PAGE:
Giant Eagle’s purchase of LeNature plant revoked
PITTSBURGH A bankruptcy court judge on Thursday revoked the Giant Eagle purchase of a LeNature’s plant in Latrobe for $20 million, ruling the grocer intimidated rival bidder Cadbury Schweppes, the Pittsburgh Business Times reported today.
Accordingly, Cadbury was awarded the LeNature’s plant for its second-highest bid of $19 million. Cadbury, however, plans to sell the plant, possibly back to Giant Eagle.
LeNature’s bankruptcy trustee asked that Giant Eagle’s bid be revoked following allegations that the retailer threatened to pull its business from Cadbury prior to the bidding process.
Giant Eagle might lose LeNature plant to Cadbury
PITTSBURGH Giant Eagle may lose its $20 million purchase of bankrupt LeNature’s bottling plant here, according to court documents filed in western Pennsylvania’s bankruptcy court Wednesday.
Court-appointed LeNature trustee Todd Neilson charged that Giant Eagle “acted in bad faith” by intimidating a competing bidder, according to court documents. Specifically, Neilson claimed that Giant Eagle threatened to pull its business from competing bidder Cadbury Schweppes Beverage Group.
Neilson asked Judge Bruce McCullough to approve the sale of the bottling plant to Cadbury Schweppes for $19 million without conducting another auction. Cadbury Schweppes bid was the second highest compared to Giant Eagle’s bid of $20 million for the bottling plant.
A hearing is scheduled for Thursday.
The Pittsburgh Tribune-Review Thursday morning reported that Giant Eagle claims it acted appropriately at all times, and “the complained-of conduct had absolutely no impact on the bankruptcy auction or the sale price.”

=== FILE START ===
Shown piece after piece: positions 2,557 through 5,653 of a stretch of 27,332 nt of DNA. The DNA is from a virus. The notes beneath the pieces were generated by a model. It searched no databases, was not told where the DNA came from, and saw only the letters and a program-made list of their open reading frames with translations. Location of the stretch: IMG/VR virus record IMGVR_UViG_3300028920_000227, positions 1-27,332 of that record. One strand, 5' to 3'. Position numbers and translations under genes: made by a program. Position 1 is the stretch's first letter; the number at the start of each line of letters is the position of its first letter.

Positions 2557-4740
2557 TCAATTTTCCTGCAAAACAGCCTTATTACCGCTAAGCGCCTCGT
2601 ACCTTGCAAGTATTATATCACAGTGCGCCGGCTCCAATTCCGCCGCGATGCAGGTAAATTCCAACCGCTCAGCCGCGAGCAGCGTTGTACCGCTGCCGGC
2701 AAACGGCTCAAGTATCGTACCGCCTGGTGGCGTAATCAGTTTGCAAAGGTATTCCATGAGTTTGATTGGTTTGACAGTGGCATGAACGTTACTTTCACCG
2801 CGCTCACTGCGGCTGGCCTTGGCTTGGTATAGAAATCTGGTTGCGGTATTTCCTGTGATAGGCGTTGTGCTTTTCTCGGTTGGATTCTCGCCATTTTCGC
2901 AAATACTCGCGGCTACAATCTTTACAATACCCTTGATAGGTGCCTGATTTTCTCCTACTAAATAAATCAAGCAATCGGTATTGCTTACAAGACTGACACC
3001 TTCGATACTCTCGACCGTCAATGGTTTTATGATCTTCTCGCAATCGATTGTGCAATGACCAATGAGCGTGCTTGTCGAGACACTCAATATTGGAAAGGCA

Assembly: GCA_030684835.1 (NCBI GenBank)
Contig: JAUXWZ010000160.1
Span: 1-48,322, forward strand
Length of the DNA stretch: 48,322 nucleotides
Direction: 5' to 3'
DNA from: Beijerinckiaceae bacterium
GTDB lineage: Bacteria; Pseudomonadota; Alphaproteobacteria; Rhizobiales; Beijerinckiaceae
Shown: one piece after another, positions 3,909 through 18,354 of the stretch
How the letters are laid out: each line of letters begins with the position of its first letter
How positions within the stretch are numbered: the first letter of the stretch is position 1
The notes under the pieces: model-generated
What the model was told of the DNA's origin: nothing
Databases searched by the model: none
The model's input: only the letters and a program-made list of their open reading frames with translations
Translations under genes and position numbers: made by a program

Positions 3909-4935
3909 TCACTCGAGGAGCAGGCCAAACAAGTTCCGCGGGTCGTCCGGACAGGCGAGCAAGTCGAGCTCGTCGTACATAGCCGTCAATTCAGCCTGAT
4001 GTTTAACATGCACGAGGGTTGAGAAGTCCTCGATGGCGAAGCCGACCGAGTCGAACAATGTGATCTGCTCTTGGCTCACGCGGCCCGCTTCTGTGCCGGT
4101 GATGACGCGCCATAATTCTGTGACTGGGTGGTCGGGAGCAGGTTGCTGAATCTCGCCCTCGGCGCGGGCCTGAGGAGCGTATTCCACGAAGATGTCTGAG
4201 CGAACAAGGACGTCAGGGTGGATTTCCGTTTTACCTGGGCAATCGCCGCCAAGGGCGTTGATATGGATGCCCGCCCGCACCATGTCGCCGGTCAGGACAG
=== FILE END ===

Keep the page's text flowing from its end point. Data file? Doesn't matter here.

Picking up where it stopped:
By discontinuing the sale of Cadbury Schweppes’ beverages, Giant Eagle estimated that it cut as much as $8 million of sales to Cadbury, according to its court filing. Cadbury Schweppes currently generates some $40 million in beverage sales at Giant Eagle.
Coca-Cola turns to drinks with health benefits
ATLANTA After two years of shrinking U.S. soft drink sales, Neville Isdell, Coca-Cola’s current chief executive officer, is turning to the lab to restore growth with the development of new beverages featuring proven health benefits.
Taking a cue from drugmakers, Coca-Cola is running clinical trials to prove the health benefits of such drinks as Minute Maid Heart Wise orange juice and Enviga green tea. The beverages have the potential to be twice as profitable as soda, which still accounts for 80 percent of the company’s sales.
Some have been critical of the science behind the new drinks, including Enviga, which increases metabolism. According to the company, three cans of Enviga can burn 100 calories, as was determined in a clinical study run by the University of Lausanne in Switzerland. Coca-Cola has dismissed criticism, saying Enviga helps consumers “achieve a healthy lifestyle,” according to Rhona Applebaum, Coke’s chief scientist.
Healthier offerings, overseas expansion and the recent $4.1 billion purchase of Glaceau VitaminWater may help lift the company’s revenue 22 percent by 2010, according to a Bloomberg survey. Coca-Cola’s shares, already up 10 percent in 2007 to date, are forecast to increase 11 percent in the coming year to $59; still down from the stock’s all-time high of $87.94 in 1998.